Saturday, June 04, 2011

What works (and doesn't work) in creating award-winning articles

Tom Zind shares what worked and didn't work in his award-winning article from EC&M magazine, "A Killer in the Ranks."

What worked, what didn’t, in EC&M story on Iraq
  • Social media: Tapped into social media – electrical contracting industry blogs and online forums – to get a sense of the industry buzz about the issue. One blogger turned out to be a key source in the story within inside information, though she had a bone to pick (something that had to be taken into account), as she had seen the situation firsthand working as an electrician for the primary military contractor in Iraq fingered as the main source of the problem.
  • Personal stories: Ability to weave in a sidebar on two U.S. electricians who signed up to go to Iraq as part of a military contractor contingent charged with cataloging and correcting widespread faulty electrical work.
  • Humanizing: Crafting a lead that immediately humanized and personalized the story – the deaths of two soldiers tragically electrocuted in-theater – drew readers in. It helped with a story that eventually had to touch on lot of technical detail and government speak. Leading with those elements posed problems.
  • Military cooperation: The ease of getting a phone interview set up with high-ranking military personnel on the ground in Iraq, intimately knowledgeable about the story and in the chain of command addressing the issue, proved the importance of following up any lead on a possible source, no matter how unlikely it may seem. Working through a military public-affairs person and supplying a good overview of the story and specific questions helped grease the wheels. The information provided yielded several good quotes and some essential context.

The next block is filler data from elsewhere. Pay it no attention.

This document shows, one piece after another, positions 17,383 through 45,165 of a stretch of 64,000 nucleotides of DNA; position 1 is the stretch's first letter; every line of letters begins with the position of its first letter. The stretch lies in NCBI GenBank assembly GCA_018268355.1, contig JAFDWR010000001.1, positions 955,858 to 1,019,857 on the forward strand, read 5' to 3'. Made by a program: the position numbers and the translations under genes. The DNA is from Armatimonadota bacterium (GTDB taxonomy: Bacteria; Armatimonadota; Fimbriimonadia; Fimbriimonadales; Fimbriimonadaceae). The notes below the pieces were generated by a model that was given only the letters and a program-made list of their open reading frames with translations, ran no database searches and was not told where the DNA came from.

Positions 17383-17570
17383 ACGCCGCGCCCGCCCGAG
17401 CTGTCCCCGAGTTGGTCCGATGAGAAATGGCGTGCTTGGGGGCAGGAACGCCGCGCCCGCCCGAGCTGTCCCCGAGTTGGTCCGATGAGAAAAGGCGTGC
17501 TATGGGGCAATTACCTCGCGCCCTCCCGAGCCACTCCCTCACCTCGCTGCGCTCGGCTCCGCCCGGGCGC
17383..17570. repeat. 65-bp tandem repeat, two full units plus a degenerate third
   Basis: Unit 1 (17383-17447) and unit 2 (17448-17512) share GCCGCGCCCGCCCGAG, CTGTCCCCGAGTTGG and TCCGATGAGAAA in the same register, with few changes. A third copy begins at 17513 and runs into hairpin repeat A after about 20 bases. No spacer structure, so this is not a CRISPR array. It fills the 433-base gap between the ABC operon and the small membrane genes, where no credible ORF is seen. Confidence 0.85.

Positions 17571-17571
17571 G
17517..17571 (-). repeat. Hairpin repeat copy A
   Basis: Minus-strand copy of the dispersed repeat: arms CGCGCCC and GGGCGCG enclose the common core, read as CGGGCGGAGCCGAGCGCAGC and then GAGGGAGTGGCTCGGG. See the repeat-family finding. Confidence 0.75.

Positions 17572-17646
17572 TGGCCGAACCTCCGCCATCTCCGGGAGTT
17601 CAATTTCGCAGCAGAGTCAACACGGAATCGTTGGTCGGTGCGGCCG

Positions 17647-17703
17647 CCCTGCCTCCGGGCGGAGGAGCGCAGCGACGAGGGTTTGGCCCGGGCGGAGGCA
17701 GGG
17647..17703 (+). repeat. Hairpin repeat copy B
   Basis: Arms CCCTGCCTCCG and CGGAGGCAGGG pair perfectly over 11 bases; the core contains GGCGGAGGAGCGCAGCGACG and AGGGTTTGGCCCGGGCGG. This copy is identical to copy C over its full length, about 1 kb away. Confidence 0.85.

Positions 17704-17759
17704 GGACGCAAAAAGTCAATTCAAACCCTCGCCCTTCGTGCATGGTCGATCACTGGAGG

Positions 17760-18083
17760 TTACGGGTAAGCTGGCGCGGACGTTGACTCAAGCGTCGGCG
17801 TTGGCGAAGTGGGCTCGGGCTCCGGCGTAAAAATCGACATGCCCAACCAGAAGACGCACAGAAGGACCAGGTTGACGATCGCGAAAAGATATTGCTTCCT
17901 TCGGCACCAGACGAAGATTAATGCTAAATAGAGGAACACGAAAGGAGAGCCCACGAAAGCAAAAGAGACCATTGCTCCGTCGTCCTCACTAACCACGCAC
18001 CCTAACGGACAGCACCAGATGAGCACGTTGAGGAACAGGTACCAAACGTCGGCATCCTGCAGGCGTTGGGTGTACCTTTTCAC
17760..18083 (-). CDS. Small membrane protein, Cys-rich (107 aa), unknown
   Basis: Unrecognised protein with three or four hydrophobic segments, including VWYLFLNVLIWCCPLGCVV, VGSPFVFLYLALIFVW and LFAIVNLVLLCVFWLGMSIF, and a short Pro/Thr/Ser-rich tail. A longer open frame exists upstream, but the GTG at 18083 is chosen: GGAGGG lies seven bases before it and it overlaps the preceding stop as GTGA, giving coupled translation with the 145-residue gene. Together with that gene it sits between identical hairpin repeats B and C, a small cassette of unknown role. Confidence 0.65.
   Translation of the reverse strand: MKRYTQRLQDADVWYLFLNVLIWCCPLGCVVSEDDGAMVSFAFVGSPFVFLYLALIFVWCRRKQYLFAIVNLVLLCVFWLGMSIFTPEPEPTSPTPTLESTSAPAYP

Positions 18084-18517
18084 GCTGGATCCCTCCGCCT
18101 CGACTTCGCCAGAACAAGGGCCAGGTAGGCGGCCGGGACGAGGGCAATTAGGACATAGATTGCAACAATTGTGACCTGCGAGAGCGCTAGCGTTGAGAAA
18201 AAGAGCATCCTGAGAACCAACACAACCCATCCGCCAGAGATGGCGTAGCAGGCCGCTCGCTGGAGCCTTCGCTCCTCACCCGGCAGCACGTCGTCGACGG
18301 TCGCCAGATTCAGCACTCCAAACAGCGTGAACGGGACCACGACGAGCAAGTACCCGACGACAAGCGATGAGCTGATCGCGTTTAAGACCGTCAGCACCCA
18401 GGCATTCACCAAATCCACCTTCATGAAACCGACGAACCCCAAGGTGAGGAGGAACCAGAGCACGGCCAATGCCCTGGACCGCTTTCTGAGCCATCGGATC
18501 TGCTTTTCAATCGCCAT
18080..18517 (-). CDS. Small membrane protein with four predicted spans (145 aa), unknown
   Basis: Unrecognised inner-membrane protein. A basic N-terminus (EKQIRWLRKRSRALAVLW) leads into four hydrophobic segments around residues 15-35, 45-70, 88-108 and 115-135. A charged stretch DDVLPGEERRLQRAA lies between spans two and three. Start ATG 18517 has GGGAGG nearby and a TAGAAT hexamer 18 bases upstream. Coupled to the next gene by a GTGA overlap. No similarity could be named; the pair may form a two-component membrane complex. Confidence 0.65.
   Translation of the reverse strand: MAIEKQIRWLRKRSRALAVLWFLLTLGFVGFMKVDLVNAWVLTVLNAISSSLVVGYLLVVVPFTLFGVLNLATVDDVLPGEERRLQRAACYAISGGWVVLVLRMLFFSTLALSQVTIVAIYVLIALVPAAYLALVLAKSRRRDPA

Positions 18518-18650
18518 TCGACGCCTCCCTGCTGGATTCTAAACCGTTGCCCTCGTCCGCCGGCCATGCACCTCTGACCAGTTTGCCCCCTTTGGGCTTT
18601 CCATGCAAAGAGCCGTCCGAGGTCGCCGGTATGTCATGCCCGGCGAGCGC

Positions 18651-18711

• Extensive backgrounding: Internet search engines yielded a trove of stories on the topic from the consumer, trade and even military press. The story was mostly “out of the bag” when we took it up, so there was plenty of solid reporting, most notably in The New York Times. Our challenge was to find a new angle with relevance to the electrical contracting industry.
  • Government documents: Openly available (though a bit challenging to obtain) government documents relating to investigations of the electrocutions and the electrical work in Iraq proved immensely helpful. Those documents, which included pages of verbatim Congressional testimony, provided essential and detailed background on the matter.
  •  The “so-what” element: The story would have benefited from a bit stronger emphasis on exploring its broader meaning and implications for the electrical contracting industry. A sidebar did touch on the challenges of military contracting, relevant to many electrical contractors. A general statement from the industry’s trade group was offered, but not used; it probably should have been incorporated, though it offered marginal perspective. But offering readers some idea of how the industry’s voice could help head off repeats of the same problems, or more detail on contractor liability issues when working on government jobs, could have made the story more relevant.
  • Broader industry input: We attempted to interview electrical code experts, some of whom were directly involved in working to address the problems. But confidentiality issues prevented them from talking. A stronger attempt to reach companies involved in military and government contracting, to get their take, as well as other electrical safety and code experts, might have yielded some additional useful information.
  • KBR input: The lead military contractor, KBR, repeatedly refused to offer anything but a short written statement. Because they were implicated so strongly as the main culprit, the story certainly would have benefited from their participation. Perhaps making more calls and trying to do an end run around the public relations department might have produced an interview.

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